Dump Track Exercise

by John Robertson

At 1900 our regular training evening began. TM51 and 52 with full crews under Paul’s direction (Paul is currently our acting First Officer in John’s absence on holiday) set off for the Knoll waste dump and thereafter down the very rough forest track which leads down to the Tamborine Mountain Road. Both vehicles went in convoy in 4-WD and very low gear. The track is very steep and is always rough and deeply rutted. It is more so now following the heavy rains in February. Definitely a ‘hold on tight’ operation. About half way down both vehicles stopped close together and did a joint exercise. This was to run out layflat hose and douse a simulated fire and then to splice in a second length of hose and attack another simulated fire further into the forest. That done the hoses were recovered and the rakehoes deployed. Both crews combined and used the rakehoes to create a metre wide earth break well into the forest. That done Paul called a “flash over”; i.e. an on-coming fire was presumed to have caught the trucks where they and their crews were unable to get clear. This needs prompt and rapid action. The drill is to clear all the fuel and combustibles off the truck in a ‘down-fire’ direction, hose the truck down, leave the pump running with the hose discharging under the truck and run the truck’s main engine with air-con and lights on. The whole crew then gets into the cab with the windows tight shut and hunkers down in full PPE and helmets as low as possible within the cab. As a final protection the woollen fire blankets which are carried in the cab are spread as radiant heat protection over all the crew. Seen from outside the cab the blankets are all that is visible with the crew completely covered. Paul was satisfied so the trucks went off, bumpity-bump, down the full length of the track to the Tamborine Mountain Road and hence back to the Station.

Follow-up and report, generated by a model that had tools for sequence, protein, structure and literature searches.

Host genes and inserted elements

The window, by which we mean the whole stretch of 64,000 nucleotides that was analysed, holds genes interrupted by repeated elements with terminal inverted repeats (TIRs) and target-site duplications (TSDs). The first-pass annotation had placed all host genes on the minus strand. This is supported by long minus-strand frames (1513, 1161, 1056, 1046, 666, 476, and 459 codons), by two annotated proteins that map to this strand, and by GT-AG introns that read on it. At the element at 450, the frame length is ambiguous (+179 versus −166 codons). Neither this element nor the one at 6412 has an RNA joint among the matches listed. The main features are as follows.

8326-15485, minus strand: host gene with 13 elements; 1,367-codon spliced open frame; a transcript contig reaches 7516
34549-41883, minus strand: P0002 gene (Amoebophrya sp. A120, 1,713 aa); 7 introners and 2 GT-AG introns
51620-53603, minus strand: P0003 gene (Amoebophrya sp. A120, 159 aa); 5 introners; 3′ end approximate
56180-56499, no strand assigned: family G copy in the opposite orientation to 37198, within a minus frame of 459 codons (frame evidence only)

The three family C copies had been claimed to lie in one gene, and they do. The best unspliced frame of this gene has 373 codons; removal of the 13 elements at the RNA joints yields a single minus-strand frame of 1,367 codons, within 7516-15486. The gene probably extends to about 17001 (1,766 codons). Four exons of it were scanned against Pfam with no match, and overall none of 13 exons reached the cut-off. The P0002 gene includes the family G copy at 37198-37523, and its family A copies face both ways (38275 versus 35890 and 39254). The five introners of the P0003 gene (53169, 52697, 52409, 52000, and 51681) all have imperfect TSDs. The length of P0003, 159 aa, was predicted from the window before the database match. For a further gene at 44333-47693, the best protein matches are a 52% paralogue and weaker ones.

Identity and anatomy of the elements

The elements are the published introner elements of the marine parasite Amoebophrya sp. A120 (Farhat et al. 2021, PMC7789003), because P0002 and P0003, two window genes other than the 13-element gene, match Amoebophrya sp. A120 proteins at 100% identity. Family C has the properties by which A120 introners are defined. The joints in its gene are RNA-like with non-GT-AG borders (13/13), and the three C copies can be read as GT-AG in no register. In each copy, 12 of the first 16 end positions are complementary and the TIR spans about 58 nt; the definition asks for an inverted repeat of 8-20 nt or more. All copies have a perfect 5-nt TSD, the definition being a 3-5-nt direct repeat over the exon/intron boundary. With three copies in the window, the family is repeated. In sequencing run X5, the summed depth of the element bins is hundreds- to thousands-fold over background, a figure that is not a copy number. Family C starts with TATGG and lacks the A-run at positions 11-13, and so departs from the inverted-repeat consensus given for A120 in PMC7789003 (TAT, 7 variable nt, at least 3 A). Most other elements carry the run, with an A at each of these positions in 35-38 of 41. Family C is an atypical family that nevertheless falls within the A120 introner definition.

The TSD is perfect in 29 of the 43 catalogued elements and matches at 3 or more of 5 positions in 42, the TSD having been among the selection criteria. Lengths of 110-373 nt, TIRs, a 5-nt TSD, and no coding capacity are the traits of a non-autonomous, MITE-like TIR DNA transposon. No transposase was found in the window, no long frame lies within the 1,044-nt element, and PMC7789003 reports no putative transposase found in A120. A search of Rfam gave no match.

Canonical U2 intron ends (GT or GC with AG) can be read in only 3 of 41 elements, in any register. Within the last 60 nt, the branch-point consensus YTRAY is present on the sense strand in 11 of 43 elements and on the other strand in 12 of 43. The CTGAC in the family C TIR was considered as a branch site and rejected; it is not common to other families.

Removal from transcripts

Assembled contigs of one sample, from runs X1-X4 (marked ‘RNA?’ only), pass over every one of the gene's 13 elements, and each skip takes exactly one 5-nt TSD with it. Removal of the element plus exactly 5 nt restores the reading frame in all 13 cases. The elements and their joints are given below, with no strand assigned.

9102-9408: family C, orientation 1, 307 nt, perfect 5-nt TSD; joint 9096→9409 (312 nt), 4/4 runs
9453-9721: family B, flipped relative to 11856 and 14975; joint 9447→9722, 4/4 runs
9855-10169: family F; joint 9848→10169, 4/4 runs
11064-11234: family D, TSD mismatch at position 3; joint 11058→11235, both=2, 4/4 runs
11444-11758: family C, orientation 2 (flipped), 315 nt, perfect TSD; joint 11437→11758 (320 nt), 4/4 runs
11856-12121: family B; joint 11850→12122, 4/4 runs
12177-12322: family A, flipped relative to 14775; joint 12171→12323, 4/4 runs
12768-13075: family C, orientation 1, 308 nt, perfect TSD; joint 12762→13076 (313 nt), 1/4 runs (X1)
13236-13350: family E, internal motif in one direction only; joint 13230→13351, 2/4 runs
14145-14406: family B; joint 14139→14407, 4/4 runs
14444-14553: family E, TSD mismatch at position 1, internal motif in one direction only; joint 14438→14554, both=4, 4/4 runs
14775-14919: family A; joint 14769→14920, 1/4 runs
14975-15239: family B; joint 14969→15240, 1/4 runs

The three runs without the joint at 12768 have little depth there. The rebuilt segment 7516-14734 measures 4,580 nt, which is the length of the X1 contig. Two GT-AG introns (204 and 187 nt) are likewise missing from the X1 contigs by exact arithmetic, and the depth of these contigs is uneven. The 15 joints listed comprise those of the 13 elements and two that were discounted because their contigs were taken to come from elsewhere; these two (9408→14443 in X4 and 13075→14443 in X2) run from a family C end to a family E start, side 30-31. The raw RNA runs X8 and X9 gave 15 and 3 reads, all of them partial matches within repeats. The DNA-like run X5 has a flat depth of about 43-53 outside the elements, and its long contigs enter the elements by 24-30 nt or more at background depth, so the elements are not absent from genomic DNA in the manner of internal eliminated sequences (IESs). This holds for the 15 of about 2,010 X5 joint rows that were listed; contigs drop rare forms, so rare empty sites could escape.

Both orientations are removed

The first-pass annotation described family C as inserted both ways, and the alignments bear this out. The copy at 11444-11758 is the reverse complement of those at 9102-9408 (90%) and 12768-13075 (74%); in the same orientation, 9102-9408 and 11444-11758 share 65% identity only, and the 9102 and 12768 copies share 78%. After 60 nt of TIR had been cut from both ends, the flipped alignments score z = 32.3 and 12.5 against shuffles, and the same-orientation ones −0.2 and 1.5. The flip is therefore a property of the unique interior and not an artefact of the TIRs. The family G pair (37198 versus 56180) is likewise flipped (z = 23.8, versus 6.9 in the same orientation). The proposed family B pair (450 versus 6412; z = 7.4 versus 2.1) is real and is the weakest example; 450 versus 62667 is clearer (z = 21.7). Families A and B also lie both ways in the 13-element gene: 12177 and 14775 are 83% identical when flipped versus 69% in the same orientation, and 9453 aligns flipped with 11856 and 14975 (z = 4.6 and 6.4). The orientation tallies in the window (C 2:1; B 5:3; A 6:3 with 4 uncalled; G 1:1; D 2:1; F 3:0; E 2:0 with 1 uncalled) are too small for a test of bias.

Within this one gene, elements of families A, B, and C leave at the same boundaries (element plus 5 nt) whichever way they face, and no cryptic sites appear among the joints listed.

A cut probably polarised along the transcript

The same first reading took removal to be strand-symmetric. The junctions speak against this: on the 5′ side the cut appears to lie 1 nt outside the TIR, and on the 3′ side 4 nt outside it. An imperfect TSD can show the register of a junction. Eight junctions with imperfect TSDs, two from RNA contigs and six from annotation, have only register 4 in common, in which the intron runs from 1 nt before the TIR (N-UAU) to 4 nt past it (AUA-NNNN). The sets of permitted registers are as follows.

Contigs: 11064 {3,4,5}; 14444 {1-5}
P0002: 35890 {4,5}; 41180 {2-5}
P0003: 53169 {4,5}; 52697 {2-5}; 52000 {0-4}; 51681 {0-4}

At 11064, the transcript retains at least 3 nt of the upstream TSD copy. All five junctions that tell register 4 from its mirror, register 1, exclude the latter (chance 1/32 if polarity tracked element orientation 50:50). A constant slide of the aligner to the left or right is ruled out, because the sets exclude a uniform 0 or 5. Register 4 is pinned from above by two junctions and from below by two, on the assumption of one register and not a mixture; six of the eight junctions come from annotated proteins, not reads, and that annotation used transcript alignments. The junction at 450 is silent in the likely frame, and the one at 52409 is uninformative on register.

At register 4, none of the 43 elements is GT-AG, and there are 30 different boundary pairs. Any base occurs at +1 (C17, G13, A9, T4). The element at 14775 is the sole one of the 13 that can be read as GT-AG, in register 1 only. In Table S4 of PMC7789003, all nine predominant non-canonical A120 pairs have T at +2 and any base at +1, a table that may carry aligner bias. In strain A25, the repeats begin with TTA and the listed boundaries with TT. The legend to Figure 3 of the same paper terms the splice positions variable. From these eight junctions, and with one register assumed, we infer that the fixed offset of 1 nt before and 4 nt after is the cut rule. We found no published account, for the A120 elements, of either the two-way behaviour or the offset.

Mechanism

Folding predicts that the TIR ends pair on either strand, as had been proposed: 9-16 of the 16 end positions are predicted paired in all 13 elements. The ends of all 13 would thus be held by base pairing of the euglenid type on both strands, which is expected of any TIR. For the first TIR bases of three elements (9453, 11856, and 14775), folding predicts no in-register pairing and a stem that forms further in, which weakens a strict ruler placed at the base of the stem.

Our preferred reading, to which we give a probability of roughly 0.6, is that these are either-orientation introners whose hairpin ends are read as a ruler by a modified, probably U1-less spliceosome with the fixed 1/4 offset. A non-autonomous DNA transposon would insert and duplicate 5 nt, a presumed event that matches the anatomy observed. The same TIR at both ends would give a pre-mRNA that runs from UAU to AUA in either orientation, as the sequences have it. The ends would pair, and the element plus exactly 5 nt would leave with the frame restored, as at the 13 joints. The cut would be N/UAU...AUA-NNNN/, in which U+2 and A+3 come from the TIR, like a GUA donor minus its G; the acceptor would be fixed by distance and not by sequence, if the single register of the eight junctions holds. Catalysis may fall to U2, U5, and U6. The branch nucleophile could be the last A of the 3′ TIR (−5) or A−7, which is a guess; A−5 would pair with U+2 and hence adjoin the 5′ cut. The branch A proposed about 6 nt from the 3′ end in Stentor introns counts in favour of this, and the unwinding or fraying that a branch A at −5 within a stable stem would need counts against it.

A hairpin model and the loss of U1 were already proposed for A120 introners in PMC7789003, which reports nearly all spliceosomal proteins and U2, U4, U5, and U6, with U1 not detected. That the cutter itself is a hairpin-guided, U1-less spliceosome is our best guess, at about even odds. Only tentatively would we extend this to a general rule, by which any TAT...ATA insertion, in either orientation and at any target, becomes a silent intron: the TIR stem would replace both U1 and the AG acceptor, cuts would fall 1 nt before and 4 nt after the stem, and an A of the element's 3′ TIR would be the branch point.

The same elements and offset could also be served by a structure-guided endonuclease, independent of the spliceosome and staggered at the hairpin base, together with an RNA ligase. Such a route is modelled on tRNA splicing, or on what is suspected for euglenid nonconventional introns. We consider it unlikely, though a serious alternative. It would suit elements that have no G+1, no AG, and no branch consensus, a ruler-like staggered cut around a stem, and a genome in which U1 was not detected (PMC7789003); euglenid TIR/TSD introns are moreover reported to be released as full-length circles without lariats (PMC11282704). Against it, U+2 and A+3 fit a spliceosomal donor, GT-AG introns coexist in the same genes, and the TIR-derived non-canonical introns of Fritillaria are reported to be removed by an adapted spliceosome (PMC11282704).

From 1600 through to about midnight our stalwart Station radio operator, John F, manned the radio and kept in continuous touch with the 41 on the fireground and 51 and 52 on the training exercise. John, what would we do without you!”

Posted in Training